Nine Out of Ten Snacks Consumed at School are Brought from Home, Reports NPD

Fresh Fruit and Potato Chips Among Most Popular In-School Snacks

Chicago, September 10, 2013 — School bells are ringing again and along with the daily bundle of books and school supplies are the all-important snacks. According to snacking research by The NPD Group, a leading global information company, students, ages 6-12, consume 4.1 snack-oriented convenience foods daily in and out of school, and teens, 13 to 17, consume 3.8 snacks daily. NPD’s SnackTrack®, which every day of the year tracks all snacking occasions in- and away-from-home, reports that 90 percent of school snacks are brought from home.

The most popular school snacks, whether eaten at lunch or at snack time, vary by age group and often the variation is due to when there is parental influence and when there isn’t. In the case of 6 to 12 year-olds, an age when parents often choose the foods and beverages their children eat, fresh fruit, fruit cups/applesauce, potato chips, meal kits, and yogurt are the top school snacks, according to NPD’s SnackTrack®. Teens, who tend to make their own food choices, include gum, fresh fruit, potato chips, chocolate bars/candy bars, and granola bars among their most popular school snacks. For both age groups, sandwiches are still the reigning school lunch entrée and are included in two-thirds of school brown bag lunches, reports NPD’s National Eating Trends®, which tracks daily all aspects of U.S. consumer’ eating behaviors.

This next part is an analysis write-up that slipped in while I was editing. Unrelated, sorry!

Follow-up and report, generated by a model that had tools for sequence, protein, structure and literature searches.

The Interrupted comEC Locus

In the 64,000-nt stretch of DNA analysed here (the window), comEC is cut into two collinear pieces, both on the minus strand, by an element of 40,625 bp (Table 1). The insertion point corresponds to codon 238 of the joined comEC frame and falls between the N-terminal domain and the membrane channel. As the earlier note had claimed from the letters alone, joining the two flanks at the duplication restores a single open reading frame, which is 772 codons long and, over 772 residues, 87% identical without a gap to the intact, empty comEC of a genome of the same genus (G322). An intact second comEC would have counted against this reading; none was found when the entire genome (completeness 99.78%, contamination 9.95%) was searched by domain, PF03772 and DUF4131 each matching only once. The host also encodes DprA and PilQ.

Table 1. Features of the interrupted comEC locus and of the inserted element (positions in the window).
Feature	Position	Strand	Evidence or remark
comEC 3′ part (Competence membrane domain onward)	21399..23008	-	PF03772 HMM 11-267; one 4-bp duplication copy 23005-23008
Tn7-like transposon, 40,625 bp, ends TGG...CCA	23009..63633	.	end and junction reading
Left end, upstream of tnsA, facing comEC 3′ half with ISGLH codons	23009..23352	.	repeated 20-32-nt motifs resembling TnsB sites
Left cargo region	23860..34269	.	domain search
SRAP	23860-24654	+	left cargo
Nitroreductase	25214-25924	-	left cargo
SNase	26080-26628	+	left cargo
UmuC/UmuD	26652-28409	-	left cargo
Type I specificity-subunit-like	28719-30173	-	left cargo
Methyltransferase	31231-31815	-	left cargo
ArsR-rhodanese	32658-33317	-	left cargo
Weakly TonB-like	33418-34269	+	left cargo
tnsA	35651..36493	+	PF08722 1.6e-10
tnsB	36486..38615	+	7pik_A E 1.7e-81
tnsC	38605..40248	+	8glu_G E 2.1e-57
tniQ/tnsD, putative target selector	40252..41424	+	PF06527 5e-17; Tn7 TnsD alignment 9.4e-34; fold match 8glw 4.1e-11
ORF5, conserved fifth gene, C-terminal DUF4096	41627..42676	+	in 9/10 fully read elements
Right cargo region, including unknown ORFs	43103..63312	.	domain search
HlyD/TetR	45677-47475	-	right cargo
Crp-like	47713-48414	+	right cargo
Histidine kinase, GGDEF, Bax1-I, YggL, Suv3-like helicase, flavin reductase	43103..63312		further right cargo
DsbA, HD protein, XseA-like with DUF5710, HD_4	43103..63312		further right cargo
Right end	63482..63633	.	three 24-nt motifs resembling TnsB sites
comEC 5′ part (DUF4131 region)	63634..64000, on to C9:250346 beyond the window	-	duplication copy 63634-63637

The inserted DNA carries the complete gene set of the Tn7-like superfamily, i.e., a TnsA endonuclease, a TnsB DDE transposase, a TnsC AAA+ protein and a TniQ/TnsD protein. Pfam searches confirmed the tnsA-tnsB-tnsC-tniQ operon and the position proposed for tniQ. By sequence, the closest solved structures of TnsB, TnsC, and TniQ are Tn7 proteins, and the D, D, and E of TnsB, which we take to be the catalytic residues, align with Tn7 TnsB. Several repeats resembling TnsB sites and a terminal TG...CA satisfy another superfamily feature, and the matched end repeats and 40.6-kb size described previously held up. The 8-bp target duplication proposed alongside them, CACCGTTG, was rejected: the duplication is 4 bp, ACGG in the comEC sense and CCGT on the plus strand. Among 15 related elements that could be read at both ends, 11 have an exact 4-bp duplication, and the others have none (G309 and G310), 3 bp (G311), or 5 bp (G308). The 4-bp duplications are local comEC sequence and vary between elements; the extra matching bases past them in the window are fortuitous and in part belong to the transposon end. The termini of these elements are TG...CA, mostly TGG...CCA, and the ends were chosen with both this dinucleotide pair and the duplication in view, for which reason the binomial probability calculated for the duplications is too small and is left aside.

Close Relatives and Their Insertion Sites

Top 5 Snack-Oriented Foods Consumed at School By
6-12 year olds 13-17 year olds
Fresh Fruit Gum
Fruit cups/Applesauce Fresh Fruit
Potato Chips Potato chips
Meal Kits Chocolate Candy/Candy Bars
Yogurt Granola Bars

Source: The NPD Group/SnackTrack®, two years ending March 2013

“Snack foods are increasingly becoming a part of the lunch bag carried by children to school, just like snack foods are becoming part of main meals for all of us,” says Harry Balzer, NPD chief industry analyst and author of Eating Patterns in America. “The bottom line is that we don’t want to prepare foods more often. We don’t even want to make more sandwiches for our kid’s lunch bag, even though sandwiches are still the number one lunch bag item carried by a kid.  Instead we are loading the kids’ lunch bag with easy-to-prepare snack products to be eaten at lunchtime.”

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